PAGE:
Sunday, March 4 at Jewett Hall, UMA Augusta Campus
The University of Maine at Augusta (UMA) College of Arts and Sciences and the UMA Senior College (UMASC) announce the next Forum on the Future entitled: Poverty and Income Inequality in Maine on March 4, 2018 from 2:00 PM to 4:00 PM at Jewett Hall on UMA’s Augusta campus. (A snow date is scheduled for March 25, 2018.) There will be a panel presentation followed by a question and answer period. This Forum on the Future presentation seek to examine these issues as they affect all of us in our state, promote an exchange of ideas, and perhaps stimulate social change. All Forums are free and open to the public. The first half of the program is devoted to the panel presenters, with a refreshment break, followed by a question and answer period.
The Forum will be moderated by Chuck Acker, Ph.D., committee chair, and former chairman of UMASC.
Amanda Rector, M.A., Maine’s State Economist will leadoff the panel discussion. Originally from the coast of Maine, Amanda earned a Bachelor of Arts degree from Wellesley College and a Master’s Degree from in Public Policy from the Muskie School of Public Service. Her multi-faceted job entails ongoing analysis of Maine’s economy to inform planning and policy decisions, including special research projects undertaken with and for the Governor’s office, the Legislature and other state agencies. Rector also serves as the Governor’s liaison to the U.S. Census Bureau, a member of the Revenue Forecasting Committee, and supports the Director of the Office of Policy and Management on economic and tax policy issues affecting our state. She will give us an overview of Maine’s economy, distribution of income, the difference between income inequality and poverty, and their effect upon the economy.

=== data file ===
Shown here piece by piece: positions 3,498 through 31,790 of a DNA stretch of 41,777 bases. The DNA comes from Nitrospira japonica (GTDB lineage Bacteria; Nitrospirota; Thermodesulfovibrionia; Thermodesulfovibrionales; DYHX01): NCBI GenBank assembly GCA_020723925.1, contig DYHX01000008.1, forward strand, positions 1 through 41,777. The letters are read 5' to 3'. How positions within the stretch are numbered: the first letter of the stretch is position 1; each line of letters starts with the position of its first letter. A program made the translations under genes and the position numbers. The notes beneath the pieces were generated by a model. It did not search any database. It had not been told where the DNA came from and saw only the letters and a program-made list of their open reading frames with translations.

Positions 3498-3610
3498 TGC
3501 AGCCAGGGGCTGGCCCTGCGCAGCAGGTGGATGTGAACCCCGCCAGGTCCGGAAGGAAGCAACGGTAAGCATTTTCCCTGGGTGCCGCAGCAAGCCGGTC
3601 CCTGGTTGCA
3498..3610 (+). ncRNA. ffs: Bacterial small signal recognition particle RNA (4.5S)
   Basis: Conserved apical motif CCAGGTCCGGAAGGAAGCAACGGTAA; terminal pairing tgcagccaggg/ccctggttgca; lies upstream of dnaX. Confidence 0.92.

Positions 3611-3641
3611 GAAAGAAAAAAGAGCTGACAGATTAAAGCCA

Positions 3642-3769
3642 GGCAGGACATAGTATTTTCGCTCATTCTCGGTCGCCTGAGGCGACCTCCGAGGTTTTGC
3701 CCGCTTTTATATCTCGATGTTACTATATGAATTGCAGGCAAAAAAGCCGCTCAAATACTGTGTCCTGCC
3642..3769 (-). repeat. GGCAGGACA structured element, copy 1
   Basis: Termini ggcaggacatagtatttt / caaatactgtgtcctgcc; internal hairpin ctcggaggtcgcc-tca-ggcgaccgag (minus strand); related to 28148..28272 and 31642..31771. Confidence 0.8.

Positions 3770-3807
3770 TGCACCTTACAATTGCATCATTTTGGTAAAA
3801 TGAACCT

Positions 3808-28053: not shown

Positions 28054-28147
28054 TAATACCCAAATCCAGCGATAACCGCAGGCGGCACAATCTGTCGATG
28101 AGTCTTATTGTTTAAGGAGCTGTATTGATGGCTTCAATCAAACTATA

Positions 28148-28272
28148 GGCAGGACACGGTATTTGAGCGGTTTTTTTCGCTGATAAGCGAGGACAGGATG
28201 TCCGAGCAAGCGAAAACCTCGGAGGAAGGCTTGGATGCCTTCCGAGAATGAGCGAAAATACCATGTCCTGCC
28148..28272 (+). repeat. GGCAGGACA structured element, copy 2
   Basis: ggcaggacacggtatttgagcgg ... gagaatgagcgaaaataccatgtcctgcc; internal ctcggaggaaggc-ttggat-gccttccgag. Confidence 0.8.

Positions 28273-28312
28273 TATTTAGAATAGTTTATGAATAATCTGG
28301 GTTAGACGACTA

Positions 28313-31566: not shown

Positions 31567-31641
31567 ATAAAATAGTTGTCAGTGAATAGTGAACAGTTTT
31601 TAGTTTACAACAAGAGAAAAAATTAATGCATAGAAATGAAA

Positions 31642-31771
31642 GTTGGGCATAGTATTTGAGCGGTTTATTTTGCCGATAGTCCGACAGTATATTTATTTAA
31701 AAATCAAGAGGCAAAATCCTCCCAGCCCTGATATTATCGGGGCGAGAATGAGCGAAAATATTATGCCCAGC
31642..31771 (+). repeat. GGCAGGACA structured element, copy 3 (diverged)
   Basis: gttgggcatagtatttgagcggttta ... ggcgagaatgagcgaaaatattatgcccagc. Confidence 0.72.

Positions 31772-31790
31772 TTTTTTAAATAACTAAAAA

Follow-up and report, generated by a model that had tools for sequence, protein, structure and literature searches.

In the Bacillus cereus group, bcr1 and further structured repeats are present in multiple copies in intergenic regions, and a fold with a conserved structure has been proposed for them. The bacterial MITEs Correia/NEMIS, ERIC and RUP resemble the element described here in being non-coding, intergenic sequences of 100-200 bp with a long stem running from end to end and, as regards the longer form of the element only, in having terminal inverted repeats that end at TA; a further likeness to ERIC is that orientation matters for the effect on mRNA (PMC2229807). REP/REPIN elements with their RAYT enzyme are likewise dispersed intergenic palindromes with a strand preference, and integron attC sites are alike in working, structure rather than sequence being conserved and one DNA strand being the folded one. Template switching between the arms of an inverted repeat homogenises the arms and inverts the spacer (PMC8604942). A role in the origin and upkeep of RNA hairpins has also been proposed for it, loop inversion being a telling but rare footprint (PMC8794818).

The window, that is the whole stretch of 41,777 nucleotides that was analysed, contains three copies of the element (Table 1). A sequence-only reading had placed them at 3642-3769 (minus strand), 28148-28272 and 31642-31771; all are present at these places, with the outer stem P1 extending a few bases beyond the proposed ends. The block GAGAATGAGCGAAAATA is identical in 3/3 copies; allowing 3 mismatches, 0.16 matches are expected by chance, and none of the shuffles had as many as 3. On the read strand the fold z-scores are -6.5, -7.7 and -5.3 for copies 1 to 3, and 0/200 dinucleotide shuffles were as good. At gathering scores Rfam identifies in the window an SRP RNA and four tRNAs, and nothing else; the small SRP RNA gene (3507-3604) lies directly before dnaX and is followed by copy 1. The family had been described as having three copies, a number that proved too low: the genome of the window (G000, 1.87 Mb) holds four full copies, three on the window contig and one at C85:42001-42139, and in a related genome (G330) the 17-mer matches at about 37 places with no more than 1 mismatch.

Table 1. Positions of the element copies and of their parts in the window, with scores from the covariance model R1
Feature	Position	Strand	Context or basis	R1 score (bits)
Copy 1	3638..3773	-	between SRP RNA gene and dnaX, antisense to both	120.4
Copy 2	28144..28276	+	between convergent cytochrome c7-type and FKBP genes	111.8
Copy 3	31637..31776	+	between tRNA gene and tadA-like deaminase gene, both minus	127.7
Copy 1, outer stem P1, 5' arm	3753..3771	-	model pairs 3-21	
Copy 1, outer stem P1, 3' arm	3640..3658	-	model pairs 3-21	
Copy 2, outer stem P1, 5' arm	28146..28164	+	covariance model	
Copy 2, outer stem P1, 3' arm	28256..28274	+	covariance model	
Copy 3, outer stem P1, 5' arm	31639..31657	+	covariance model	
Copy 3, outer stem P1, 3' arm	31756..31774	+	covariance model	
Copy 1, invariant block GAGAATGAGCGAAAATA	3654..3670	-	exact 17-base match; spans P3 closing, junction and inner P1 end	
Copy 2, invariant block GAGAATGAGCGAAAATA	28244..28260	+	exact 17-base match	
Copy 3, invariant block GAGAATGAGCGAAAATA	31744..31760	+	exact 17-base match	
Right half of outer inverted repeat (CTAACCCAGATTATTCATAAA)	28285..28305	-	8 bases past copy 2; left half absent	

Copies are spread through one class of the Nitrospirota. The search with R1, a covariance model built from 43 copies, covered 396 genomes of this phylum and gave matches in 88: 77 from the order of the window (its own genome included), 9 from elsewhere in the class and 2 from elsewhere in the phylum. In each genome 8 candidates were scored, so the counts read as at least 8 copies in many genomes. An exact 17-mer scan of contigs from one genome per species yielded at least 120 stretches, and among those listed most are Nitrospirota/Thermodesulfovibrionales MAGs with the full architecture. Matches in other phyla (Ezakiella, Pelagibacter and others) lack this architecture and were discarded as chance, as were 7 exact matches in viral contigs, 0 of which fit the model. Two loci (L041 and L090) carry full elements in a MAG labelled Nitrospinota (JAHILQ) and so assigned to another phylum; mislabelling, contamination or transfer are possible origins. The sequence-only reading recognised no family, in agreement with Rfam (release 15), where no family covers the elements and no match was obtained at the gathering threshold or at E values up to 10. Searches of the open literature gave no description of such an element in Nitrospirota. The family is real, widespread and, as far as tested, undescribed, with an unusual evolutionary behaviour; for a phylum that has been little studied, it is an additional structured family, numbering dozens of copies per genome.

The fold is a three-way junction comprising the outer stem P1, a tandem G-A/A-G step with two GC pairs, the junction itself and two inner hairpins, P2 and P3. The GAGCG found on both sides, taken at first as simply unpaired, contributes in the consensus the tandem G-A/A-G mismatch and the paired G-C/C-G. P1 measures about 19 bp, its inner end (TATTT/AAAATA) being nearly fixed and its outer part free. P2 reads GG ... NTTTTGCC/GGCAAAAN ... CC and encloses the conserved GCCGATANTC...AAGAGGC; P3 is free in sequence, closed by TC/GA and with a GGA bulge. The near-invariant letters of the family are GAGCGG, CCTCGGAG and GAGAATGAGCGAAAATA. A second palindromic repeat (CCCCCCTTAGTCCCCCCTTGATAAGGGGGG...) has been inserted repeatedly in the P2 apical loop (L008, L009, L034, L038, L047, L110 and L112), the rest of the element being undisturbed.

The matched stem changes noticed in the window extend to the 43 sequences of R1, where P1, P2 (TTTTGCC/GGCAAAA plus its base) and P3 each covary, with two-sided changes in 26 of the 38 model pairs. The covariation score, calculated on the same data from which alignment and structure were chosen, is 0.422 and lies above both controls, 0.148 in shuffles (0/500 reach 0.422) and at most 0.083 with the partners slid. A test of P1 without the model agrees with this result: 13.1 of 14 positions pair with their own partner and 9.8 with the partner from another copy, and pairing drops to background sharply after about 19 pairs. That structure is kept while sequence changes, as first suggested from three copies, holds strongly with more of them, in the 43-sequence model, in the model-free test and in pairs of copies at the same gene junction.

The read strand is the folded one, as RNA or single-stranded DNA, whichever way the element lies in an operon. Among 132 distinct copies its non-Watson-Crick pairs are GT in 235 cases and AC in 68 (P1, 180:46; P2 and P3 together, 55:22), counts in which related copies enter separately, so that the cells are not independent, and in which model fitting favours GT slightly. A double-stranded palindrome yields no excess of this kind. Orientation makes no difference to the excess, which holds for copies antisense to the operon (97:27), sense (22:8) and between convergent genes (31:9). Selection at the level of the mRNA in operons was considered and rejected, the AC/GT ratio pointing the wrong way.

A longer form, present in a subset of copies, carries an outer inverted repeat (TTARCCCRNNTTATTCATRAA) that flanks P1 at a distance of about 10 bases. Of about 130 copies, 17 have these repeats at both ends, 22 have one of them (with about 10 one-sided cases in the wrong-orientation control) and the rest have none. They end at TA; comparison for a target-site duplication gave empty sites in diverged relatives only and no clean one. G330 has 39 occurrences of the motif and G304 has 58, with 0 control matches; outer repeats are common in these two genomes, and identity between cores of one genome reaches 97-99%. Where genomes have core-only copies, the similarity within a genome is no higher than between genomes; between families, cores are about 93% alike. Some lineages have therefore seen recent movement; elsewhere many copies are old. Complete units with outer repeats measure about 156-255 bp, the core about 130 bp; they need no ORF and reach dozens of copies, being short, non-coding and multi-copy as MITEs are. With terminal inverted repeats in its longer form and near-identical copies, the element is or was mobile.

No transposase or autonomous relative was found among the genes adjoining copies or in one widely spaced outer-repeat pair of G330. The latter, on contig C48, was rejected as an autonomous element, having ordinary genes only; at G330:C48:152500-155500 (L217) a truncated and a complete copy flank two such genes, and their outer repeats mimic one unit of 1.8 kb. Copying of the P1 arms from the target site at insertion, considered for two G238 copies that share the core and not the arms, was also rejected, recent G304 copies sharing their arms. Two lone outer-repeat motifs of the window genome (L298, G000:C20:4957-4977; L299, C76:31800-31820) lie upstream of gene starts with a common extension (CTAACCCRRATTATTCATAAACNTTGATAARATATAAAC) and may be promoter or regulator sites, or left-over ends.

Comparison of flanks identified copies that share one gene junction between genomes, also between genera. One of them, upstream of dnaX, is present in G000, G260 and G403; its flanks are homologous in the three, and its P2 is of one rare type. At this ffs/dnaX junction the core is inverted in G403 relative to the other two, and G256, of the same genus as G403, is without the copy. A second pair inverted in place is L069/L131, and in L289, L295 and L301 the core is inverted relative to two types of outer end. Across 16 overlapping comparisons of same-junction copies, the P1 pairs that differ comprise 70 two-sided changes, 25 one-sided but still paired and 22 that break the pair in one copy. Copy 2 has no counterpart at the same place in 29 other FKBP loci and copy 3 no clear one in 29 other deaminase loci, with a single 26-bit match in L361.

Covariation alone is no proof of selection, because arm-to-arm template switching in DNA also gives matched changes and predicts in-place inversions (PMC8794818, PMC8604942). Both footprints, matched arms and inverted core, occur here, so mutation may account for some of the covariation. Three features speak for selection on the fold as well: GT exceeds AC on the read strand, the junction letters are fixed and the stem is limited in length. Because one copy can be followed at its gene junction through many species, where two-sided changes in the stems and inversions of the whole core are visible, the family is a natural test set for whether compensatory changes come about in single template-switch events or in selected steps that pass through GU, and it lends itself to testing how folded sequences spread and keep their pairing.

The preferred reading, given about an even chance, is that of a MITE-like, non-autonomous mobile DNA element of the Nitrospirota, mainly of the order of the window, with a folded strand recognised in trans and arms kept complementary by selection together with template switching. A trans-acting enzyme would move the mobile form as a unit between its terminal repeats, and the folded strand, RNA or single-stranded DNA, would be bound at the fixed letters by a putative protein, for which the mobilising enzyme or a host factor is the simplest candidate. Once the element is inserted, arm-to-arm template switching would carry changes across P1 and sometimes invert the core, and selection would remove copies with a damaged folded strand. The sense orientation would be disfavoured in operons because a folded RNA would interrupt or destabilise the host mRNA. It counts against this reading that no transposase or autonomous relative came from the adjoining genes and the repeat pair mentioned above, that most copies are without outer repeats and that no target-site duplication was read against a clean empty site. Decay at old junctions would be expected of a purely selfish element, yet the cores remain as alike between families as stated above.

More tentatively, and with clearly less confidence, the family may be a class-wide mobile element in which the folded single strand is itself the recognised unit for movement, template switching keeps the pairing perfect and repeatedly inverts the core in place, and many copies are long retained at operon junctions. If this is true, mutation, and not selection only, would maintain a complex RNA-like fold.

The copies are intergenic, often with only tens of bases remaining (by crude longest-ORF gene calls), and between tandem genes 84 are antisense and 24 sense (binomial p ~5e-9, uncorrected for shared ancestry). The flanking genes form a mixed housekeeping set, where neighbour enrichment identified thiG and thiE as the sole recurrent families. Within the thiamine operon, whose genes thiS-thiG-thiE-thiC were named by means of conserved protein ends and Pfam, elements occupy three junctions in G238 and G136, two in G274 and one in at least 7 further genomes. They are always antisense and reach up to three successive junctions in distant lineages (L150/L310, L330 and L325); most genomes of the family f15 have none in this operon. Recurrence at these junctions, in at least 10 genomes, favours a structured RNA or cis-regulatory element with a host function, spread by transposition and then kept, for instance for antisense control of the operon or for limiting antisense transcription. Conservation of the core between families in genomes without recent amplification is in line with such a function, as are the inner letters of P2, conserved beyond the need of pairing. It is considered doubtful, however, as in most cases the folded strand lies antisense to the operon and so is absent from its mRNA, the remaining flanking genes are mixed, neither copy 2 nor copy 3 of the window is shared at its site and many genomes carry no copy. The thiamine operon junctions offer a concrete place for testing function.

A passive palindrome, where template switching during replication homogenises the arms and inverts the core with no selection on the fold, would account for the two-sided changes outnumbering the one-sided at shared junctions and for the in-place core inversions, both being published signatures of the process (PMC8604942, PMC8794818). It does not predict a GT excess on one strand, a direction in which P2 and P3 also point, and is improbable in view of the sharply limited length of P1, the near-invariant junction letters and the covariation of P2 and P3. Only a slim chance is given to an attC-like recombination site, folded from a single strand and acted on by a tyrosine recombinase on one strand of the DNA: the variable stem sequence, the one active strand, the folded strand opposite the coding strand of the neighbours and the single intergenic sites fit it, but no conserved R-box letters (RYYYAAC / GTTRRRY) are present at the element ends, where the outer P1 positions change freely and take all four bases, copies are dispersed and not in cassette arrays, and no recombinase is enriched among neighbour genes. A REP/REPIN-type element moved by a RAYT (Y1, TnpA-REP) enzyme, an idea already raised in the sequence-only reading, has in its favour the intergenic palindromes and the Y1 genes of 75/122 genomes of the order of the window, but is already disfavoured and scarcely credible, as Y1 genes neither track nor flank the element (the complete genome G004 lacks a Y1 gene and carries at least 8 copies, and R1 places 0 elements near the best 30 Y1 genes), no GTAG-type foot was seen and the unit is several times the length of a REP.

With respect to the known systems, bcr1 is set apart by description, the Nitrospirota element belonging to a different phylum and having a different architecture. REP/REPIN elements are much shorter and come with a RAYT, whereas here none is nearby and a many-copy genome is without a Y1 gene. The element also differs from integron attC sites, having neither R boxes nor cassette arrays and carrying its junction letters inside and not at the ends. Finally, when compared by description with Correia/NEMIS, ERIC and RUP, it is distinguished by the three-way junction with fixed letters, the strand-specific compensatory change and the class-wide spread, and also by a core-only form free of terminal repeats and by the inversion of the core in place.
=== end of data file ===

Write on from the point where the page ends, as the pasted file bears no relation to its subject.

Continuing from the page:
Another panel member is Dr. Andrew Schaefer, who lives in Maine and is a Vulnerable Families Research Scientist at the Carsey School of Public Policy at the University of New Hampshire. His work involves research on poverty, the social safety net, women and work; and includes policies and programs that support low-income and other working families. Currently he is exploring counties with high child poverty and the economic conditions of immigrants in rural areas. Schaefer earned a Ph.D. in sociology with a concentration on work, families and religion, from the University of New Hampshire; a Master’s Degree from the University of New Hampshire, and a Bachelor’s degree from Keene State College. Consistent with his expertise, Schaefer will examine poverty at the family level, root causes, factors that perpetuate poverty, as well as the interaction of food insecurity, lack of education, transportation barriers, unemployment, and the effects of mood on motivation
Rounding out the panel is Ed Cervone, M.A., Executive Director of Educate Maine, an organization dedicated to programs and policies that make it possible for Maine Students to succeed in school, higher education, and careers. He has been involved in Maine’s nonprofit sector for over a decade, working on issues that relate to education and economic development. Other experiences include several roles at the Maine Development Foundation and the Maine Center for Economic Policy. A graduate of Princeton University, he also has a Master’s Degree from the University of Maine. Much of his free time is spent in the north woods of Maine. He will identify government and non-profits that mitigate poverty, introduce the influence of early childhood care and education, and how Educate Maine works to increase workforce preparation and employment.
UMASC is open to all persons of 55 and older, their spouses or partners. For more information about spring and fall classes and other activities, call 621-3551, e-mail at email@example.com or check our web page, umasc.org.
NOTE: Snow dates are used in cases of severe weather or if the University of Maine at Augusta is closed. Please check our telephone, 621-3551 or the web site umasc.org for closing information.